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|Culture of Djibouti|
The cinema of Djibouti refers to the film industry in Djibouti.
Storytelling is an ancient custom in the culture of Djibouti. Love of cinema is but a modern, visual incarnation and continuation of this well-established tradition. The earliest forms of public film display in Djibouti were in French. In the 1920s, the first local movie theaters opened, during a time when Djibouti City was growing in size. Film theaters became a place where local residents could watch movies in a relaxed atmosphere. With the development of the local film industry, additional theaters were launched. Among these establishments was the Eden in 1934, Olympia in 1939, Le Paris in 1965, and Al Hilal in 1975.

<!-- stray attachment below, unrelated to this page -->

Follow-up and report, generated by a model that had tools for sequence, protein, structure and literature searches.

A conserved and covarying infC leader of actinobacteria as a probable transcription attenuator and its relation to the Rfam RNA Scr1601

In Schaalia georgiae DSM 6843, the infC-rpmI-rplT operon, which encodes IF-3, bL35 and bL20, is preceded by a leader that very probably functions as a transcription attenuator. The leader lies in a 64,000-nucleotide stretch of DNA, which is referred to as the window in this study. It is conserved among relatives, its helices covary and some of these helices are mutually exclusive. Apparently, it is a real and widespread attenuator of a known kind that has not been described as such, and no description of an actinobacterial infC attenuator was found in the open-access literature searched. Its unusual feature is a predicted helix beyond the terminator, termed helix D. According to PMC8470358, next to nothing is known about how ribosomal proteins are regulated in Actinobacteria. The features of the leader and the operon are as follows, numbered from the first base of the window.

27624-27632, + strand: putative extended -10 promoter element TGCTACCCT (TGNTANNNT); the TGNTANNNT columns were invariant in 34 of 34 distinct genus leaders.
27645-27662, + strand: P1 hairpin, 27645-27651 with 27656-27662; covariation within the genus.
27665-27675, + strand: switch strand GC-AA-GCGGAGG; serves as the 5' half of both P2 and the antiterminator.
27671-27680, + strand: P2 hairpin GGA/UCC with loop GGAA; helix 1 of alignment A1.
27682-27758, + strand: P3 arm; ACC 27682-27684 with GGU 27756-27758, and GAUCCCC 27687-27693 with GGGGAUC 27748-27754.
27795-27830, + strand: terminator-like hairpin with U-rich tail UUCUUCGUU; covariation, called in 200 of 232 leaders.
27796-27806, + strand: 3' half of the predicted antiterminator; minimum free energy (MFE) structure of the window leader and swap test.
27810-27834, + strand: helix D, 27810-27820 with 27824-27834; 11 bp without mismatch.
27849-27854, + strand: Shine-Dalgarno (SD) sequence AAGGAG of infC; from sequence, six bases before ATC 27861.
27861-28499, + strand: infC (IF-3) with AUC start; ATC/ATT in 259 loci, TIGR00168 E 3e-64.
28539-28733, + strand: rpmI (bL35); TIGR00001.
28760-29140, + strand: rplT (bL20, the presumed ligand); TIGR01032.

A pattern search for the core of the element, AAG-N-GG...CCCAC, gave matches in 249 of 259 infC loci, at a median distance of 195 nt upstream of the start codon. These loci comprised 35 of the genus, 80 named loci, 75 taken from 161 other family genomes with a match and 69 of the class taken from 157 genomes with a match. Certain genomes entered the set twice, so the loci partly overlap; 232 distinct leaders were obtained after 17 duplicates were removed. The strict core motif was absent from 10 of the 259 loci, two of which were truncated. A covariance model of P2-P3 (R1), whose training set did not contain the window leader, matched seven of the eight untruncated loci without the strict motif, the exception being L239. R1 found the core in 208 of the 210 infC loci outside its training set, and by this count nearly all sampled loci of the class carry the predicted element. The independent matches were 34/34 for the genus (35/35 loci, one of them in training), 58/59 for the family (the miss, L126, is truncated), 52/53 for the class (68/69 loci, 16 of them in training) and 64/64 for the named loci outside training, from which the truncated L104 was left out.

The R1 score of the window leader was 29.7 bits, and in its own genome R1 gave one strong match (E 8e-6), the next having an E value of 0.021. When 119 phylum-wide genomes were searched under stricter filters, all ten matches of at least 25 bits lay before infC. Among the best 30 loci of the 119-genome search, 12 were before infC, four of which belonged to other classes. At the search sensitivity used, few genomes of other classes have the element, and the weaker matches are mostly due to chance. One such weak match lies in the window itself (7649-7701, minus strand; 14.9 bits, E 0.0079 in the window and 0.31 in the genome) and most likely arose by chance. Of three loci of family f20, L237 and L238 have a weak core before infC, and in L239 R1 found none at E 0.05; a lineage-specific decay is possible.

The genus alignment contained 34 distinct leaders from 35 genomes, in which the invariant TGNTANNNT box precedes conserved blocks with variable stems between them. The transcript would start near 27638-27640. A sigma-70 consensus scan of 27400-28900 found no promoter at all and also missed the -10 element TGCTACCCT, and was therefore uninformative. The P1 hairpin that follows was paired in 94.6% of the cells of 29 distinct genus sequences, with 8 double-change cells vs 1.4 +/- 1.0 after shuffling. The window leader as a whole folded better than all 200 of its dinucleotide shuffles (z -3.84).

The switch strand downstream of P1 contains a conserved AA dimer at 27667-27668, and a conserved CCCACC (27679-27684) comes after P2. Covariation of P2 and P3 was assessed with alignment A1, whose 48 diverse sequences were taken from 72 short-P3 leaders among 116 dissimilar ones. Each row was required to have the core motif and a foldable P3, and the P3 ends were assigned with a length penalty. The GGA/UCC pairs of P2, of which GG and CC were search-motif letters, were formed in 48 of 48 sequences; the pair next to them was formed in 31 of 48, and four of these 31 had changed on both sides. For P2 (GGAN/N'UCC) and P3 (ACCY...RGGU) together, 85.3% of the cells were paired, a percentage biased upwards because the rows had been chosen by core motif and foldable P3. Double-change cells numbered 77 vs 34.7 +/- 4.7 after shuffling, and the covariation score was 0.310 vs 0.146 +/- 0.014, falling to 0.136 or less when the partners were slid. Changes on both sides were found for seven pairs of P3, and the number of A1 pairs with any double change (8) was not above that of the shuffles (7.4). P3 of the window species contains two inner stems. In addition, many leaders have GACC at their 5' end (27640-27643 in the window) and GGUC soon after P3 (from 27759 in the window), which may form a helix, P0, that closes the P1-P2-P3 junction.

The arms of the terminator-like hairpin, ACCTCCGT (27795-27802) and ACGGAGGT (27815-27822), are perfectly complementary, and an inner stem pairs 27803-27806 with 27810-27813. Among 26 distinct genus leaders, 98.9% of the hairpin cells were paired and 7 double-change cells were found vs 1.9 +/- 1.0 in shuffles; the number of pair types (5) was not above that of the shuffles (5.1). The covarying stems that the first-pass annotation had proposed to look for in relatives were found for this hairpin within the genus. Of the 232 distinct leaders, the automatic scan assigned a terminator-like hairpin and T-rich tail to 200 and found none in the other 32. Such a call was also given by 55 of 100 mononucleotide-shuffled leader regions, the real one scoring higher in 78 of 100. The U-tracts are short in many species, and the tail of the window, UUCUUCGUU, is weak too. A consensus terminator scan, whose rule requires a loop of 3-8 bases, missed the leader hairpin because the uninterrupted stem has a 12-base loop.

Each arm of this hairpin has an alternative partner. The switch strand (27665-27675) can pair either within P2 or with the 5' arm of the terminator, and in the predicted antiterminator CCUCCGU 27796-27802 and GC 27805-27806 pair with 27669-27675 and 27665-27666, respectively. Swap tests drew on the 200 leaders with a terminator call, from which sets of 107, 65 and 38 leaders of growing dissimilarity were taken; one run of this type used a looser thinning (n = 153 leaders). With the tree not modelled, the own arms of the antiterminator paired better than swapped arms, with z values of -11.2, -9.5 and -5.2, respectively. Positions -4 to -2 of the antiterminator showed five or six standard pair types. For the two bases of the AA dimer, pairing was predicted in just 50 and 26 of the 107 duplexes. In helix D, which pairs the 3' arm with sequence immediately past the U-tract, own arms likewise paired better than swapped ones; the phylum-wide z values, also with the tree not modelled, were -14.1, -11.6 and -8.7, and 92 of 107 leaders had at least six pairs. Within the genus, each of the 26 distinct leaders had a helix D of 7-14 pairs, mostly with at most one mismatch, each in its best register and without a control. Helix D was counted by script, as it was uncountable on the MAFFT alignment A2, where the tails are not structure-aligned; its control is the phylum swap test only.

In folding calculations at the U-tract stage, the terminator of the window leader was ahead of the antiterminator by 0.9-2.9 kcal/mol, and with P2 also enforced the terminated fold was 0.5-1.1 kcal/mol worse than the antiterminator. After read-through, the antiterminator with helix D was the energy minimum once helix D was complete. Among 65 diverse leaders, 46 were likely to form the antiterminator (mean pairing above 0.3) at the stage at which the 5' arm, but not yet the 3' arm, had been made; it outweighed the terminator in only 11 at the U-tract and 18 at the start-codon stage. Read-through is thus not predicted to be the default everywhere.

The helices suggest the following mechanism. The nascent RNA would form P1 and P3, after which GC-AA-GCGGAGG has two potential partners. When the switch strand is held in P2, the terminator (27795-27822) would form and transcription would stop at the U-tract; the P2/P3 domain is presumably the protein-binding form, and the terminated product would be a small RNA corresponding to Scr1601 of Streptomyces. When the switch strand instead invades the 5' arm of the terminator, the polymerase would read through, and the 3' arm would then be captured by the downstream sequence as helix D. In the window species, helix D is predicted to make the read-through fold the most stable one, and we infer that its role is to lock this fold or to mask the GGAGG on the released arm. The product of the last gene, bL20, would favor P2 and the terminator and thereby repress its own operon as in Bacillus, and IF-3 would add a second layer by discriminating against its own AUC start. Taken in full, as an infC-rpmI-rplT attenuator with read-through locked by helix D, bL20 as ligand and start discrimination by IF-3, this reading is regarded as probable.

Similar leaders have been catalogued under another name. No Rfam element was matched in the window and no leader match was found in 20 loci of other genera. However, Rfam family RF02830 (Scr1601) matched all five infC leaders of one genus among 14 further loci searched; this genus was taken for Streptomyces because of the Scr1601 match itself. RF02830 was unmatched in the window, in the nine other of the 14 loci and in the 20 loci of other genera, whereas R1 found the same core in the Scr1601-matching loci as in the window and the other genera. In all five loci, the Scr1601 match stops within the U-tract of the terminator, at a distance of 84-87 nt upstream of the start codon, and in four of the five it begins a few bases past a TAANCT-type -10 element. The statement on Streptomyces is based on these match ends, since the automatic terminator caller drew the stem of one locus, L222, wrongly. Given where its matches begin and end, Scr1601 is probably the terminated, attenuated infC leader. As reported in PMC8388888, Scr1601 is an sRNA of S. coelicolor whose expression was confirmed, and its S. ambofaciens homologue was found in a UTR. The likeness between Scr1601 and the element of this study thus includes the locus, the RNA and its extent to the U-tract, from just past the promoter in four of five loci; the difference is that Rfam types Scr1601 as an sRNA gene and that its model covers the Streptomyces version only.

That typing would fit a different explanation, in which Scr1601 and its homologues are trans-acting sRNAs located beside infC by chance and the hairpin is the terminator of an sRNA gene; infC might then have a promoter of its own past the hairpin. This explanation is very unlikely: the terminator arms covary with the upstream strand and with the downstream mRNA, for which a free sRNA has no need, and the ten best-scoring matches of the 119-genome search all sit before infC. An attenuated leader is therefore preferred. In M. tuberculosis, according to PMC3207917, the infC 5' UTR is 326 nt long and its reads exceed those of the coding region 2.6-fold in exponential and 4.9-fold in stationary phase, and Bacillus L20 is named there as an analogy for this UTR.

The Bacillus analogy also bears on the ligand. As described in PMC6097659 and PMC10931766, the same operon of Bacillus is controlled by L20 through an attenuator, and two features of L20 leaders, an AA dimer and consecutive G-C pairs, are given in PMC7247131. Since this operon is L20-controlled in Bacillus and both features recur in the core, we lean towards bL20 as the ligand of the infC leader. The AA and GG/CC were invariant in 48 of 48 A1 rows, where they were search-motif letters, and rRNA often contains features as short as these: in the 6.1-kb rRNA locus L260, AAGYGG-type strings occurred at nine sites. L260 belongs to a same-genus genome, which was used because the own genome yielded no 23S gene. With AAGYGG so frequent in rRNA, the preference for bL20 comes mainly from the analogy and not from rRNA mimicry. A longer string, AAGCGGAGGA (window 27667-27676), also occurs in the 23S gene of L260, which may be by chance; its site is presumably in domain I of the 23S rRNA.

During the 1970s, the capital city had five movie theaters, with one in each district. Some local film making attempts were carried out with local actors. One was Burta Djinka, a 1972 film in Somali directed by G. Borg. Following independence in 1977, a growing number of government-owned production and distribution companies as well as actual projection theaters sprang up.
In the 1990s two of the biggest cinemas, Odeon and Olympia, closed their doors.